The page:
The day greeted me with raging wind. Knowing that Nukus was within reach, I cleared all feelings of weariness and hardship from my mind and replaced them with daydreams totally unrelated to my cycling adventure. I thus managed to avoid getting frustrated at the harsh headwind that had me moving at just 8kph for the first two hours of the day. I had to ignore the rough road surface too and just let every bump wash over me and get left behind. In this way I made slow but steady progress and by mid-morning my luck had turned around. The wind turned from a cross-headwind into a cross-tailwind and my speed began to pick up. I also managed to access a brand new bitumen road being built alongside the original one. Gone were the bumps and so too was most of the traffic, which was restricted to the original road. As I entered Nukus I stopped in at an internet café where I checked emails and worked out which hotels I should hit up first.
Finding a comfortable home and a satisfying meal without wasting time can feel miraculous sometimes. I had such a miracle tonight and, being utterly exhausted from riding 570km through the Uzbek ‘desert’ over five days, it couldn’t have come at a better time. Still, it wasn’t without some running around. The hotel I’m in is the third one I checked out. The first had no rooms available and the second was too expensive. When I said I couldn’t afford the US$37 price tag on a single room, the second hotel offered me a mattress on the floor of an unused office, with use of the staff bathroom. For this they wanted US$20. I continued my search and came across my current hotel, which has granted me a large, beautifully decorated room with a fridge, TV, western toilet and clean modern bathroom, for US$25. I ran into a small problem when they asked to see my accommodation registration slips for the last three nights. In Uzbekistan you are meant to stay in government-registered hotels, which give you a special slip of paper as proof of your stay. I said I didn’t have any from the last few nights. They asked where I stayed last night. I said I slept in a chaihana. I then offered the only registration slip I have, which is from my stay at the hostel in Bukhara. They called the hostel to confirm that I stayed there and they seemed happy with this. I was free to stay.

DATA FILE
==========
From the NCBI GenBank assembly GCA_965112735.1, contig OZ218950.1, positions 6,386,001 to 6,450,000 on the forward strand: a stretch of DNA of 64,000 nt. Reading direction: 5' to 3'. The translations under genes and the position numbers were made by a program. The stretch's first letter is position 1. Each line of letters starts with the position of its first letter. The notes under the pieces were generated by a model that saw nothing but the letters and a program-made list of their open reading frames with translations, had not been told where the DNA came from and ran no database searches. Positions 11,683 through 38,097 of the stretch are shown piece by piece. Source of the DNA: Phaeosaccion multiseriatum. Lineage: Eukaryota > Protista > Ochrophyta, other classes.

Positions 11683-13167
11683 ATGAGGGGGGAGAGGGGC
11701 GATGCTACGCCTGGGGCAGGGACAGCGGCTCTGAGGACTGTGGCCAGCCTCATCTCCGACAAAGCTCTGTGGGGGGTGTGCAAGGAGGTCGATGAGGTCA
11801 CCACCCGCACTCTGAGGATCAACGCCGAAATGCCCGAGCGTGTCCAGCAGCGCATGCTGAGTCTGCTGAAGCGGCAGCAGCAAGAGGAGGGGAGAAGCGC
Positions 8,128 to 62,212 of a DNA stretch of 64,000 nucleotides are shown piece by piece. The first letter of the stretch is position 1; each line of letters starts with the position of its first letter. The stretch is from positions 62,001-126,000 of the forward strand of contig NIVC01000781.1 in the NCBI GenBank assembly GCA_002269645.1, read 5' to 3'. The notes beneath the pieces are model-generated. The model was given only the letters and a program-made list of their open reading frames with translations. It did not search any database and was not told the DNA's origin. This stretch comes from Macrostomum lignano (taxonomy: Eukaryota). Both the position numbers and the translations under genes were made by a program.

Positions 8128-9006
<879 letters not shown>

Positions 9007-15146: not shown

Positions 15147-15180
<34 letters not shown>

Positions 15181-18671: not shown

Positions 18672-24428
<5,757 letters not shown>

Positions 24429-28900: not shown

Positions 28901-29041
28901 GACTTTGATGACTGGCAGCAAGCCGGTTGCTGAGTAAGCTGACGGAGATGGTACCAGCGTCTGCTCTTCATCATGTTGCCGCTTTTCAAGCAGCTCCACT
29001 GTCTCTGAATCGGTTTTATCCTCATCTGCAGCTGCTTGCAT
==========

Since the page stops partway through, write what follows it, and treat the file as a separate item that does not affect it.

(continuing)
A walk down the street took me to Grand Lavash, which is heaven for a hungry cyclist lacking local language skills. I was handed a menu containing clear prices and, most helpfully, honest pictures of every food item they were offering, which included burgers, kebabs, pizzas and salads. I ordered a kebab (the size of two small kebabs at home), fries (a large plateful), Olivye salad and 1L Coke – enough to feed two people with normal appetites – all for less than AU$5. I am writing my diary while in the restaurant, having just finished my feast. On the walk home I plan to stop in at a shop and stock up on junk food (lollies, chocolate and soft drink). I plan to eat this junk food too quickly while watching a movie on my laptop and relishing the feel of a soft bed in a well-appointed hotel room.
I just got home. My junk food binge has turned into a fresh fruit kick. My miracle continued when I found a well-stocked supermarket on the way home. When I saw the fruit, I couldn’t help buying a load of it, having not had much of it in recent days.
My shopping list:
- 2 x 500mL beer
- 4 tubs of yoghurt
- 1L fruit juice
- 2 bananas
- 5 nectarines
- 2 peaches
- 2 pears
- 2 razors
- block of chocolate
- can of condensed milk
- jar of generic Nutella.
The price: AU$12.
|Distance ridden today||101.22km|
|Average cycling speed||16.6kph|
|Total distance ridden||22,025km|